• Use guesswork and formulas that might not reflect reality to calculate needs and average life expectancy rates.
  • Rely on the government’s numbers for inflation,  which we know are skewed and under-reported for political expediency.
  • Use “typical” financial planning strategies that limit your flexibility and ability to use your own money.
  • Don’t differentiate between saving and investing – just put everything into mutual funds, which do a good job of neither.
  • Retire instead of finding work you love that allows you to contribute and be productive – financially, intellectually, socially – well into your 80’s, and beyond.

And that was just ONE of the articles that made me want to throw up my hands in disgust!

Saving for College – What About Other Options?

The article on “The Best College Savings Plans” was fraught with tunnel-vision, with no mention of the true cost of a college education (with opportunity costs included) or other options to the typical college savings vehicles. For instance, what about scholarships, grants, participation of the child through work, or cash-flowing real estate?

Some creative parents may even combine such Prosperity Economics solutions to save in their own or their child’s whole life policy (often at internal rates of return approaching 5%) then use or borrow against cash value for a down payment on a triplex or fourplex near their child’s college of choice. Their child lives in one unit while finding roommates and other renters to turn what would have been a college expense – housing – into a leveraged asset with cash-flow and built-in lessons in business, real estate, and responsibility! Now, rather than coming away from college with a diploma and drained accounts, the family now has an asset that can continue to produce cash flow and gain equity.

In contrast, typical college saving vehicles:

  • Assist your child in disqualifying for financial aid, should they have otherwise been qualified.
  • Trap dollars in accounts that can only be used for limited reasons with strict rules. (What if they decide not to go to college?)
  • Suffer the same problems as other “typical” investments, in terms of high risk, low reward, low control, and limited investment options, often with high or unnecessary management fees.
  • Ugh – now there’s even “age-based plans for aggressive investors” that share all the same issues as problematic target-date funds!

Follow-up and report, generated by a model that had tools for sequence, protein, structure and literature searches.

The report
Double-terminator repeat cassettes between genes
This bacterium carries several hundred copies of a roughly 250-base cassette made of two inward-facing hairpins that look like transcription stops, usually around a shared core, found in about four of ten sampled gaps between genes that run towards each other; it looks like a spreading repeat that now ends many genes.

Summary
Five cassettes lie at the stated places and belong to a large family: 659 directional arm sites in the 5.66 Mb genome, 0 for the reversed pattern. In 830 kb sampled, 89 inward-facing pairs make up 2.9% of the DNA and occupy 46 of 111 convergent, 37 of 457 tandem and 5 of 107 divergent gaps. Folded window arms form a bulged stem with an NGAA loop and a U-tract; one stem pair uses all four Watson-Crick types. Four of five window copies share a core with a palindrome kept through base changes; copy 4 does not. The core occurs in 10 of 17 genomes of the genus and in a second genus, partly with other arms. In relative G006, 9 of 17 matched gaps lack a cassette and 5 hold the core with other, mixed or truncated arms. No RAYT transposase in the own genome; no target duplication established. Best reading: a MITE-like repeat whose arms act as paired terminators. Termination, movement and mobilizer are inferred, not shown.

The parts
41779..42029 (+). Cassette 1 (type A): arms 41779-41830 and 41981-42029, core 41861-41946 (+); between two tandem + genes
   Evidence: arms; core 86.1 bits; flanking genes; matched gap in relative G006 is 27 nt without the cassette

But wait… there’s more! 

The article that really made my head spin? I’m saving that for part 2 of my “Kiplinger Rant” for next week!

Busting the Retirement Lies

Busting Retirement Lies coverWe leave you today with a book recommendation and a fun video to watch. First is Busting the Retirement Lies,  Kim D. H. Butler’s most recent book that gives the opposite advice of the Kiplinger article. Rather than telling people to stop saving and go ahead and retire, Kim tells it like it is and gives real alternatives to the work-40-years-then-retire plan, which for many Americans delivers little more than unrealistic expectations.

And finally, please enjoy this video of Anna Stoehr, our 114-year-old Facebook heroine, who we hope hasn’t been following Kiplinger’s advice!



Living in a Complaint-Free World where “Life is Great”!


Every single person is 100% disciplined to their current set of habits.”
-Dan Sullivan, Strategic Coach

“Plant a thought and reap a word;
plant a word and reap an action;
plant an action and reap a habit;
plant a habit and reap a character;
plant a character and reap a destiny.”

– March 21, 1872, The Cedar Rapids Times

Live from The Summit!
We are writing this from The Summit for Prosperity Economics Advisors where dozens of industry leaders and forward-thinking advisors have gathered. We are sharing some of our favorite ideas and resources with our colleagues and fellow advisors, we wanted to share them with you, too.

I (Kim) stumbled on the concept of a A Complaint Free World recently and just love it! I have always insisted upon living and working in a positive environment, and as I’ve written about before, beginning each day (or meeting) with a Positive Focus. The Complaint-Free world takes this and puts it into a structure to develop that positive mindset into a HABIT. Continue reading

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Should You Liquidate Your 401(k) Early?

“I would blow up the system and restart with something totally different.”
- Ted Benna, “father” of the 401(k), as told to

Should You Liquidate Your 401(k) Early?As investors start to educate themselves about investing, many begin to realize that their 401(k) might not all they thought it was cracked up to be. After all, even Ted Benna, the man who popularized the tax loophole that became the 401(k) program, has all but disowned it.